If you’re an avid fruit lover who also suffers from arthritis, has the question of ‘what fruits are bad for arthritis’ ever crossed your mind? If so, you’re right in your cautious assumptions that some fruits you regularly eat might be aggravating your arthritis. Even though many fruits contain essential vitamins and minerals which help to fight inflammation, many others have been reported to aggravate the inflammatory symptoms of arthritis.
These fruits are found in the nightshade family and produce a natural chemical called Solanine. Solanine is used by plants as a defense system against fungus and other pests and therefore, triggers inflammation in some individuals with arthritis. Being aware of Solanine containing foods and how to substitute them will save you a lot of pain if they worsen your arthritis. Want to know more about the harmful effects some fruits may be having on your arthritis? If so, read on to understand how to identify these fruits and substitute them for safer alternatives.
What is Arthritis?
Arthritis is a condition that causes inflammation of the joints, resulting in pain, stiffness, and swelling. It can be triggered by stress on the joints, weight gain, cold weather, and repetitive motions. Unfortunately, there is no cure for arthritis but with proper management and therapy, the symptoms can be relieved and the condition improved.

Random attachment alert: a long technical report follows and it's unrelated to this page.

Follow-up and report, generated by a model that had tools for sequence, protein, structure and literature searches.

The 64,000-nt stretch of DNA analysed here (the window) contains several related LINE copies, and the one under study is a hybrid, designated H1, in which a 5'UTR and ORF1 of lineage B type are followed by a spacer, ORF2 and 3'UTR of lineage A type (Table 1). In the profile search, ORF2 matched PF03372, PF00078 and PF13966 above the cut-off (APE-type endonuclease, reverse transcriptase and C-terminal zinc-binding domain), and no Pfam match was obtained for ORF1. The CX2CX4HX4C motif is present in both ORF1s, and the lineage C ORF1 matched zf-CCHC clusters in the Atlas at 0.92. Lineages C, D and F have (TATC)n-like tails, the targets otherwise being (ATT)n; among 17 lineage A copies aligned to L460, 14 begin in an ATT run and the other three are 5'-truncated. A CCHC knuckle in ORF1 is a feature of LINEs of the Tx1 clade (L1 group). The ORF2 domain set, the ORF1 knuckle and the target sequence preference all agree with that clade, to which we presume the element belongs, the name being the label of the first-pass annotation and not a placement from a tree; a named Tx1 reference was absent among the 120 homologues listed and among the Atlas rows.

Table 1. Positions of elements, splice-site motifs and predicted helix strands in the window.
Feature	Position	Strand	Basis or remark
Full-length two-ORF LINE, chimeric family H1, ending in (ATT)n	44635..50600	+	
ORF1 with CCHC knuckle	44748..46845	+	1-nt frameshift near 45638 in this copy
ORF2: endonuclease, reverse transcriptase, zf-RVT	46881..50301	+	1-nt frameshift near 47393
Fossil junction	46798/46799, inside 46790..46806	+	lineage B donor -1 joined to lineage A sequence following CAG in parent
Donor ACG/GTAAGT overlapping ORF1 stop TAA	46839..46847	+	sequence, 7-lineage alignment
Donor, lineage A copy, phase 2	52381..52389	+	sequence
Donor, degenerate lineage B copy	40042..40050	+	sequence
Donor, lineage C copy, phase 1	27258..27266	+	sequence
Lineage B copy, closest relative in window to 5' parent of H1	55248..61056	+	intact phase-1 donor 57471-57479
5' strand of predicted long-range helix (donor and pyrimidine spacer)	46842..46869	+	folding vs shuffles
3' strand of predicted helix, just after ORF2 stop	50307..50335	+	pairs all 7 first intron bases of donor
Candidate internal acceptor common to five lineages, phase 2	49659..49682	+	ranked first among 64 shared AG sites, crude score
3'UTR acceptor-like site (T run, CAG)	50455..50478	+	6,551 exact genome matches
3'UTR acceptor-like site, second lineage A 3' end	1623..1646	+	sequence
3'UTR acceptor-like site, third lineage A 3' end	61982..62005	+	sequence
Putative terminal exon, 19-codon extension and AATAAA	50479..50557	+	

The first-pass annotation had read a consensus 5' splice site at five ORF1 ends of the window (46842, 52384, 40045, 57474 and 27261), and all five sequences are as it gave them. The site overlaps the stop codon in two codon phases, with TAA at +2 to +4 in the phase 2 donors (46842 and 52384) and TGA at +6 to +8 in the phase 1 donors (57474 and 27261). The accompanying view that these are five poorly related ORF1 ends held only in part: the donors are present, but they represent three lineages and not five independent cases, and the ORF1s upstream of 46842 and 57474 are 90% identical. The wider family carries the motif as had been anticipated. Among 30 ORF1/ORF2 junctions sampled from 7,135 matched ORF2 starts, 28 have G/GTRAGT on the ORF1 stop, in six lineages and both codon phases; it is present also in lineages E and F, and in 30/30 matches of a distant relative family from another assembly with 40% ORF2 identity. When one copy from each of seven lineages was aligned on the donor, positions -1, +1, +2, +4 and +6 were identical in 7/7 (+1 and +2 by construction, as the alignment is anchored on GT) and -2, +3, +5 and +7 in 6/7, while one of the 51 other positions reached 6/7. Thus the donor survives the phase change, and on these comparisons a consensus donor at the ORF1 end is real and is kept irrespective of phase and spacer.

One of the best ways to improve the inflammatory symptoms of arthritis in the joints is through lifestyle changes such as exercise and a switch to the right diet. What you eat is crucial to how your body’s response to arthritis.
What Fruits Are Bad for Arthritis?
Eggplants belong to the nightshade family of fruits and are widely consumed around the world. Also known as aubergines, they come in several shapes, colours and varieties. What’s more, they are nutrient-dense but low in calories and can help you with weight loss. A lot of nutrients can be found in eggplant, antioxidants, and fiber which can help prevent cancer and diabetes. They also contain several vitamins and minerals such as vitamins C and K, folate, manganese and potassium.
However, if you are allergic to chemicals that contain solanine that is found in nightshade plants (such as eggplants), you can substitute them in your diet with zucchini or mushrooms. Mushrooms are fleshy, so they can work out perfectly in your diet as an eggplant substitute. Zucchini also has a similar texture to eggplant. It is also nutrient-dense, so you don’t have to worry about missing out on the variety of vitamins and minerals that eggplants are bursting with.
Tomato is a common ingredient in most dishes. It has many anti-oxidizing properties that aid in the prevention of certain cancers and heart diseases. More so, it is rich in vitamins C and K which play an excellent role in blood clotting and bone health. The potassium found in tomato is useful for controlling blood pressure and preventing heart diseases.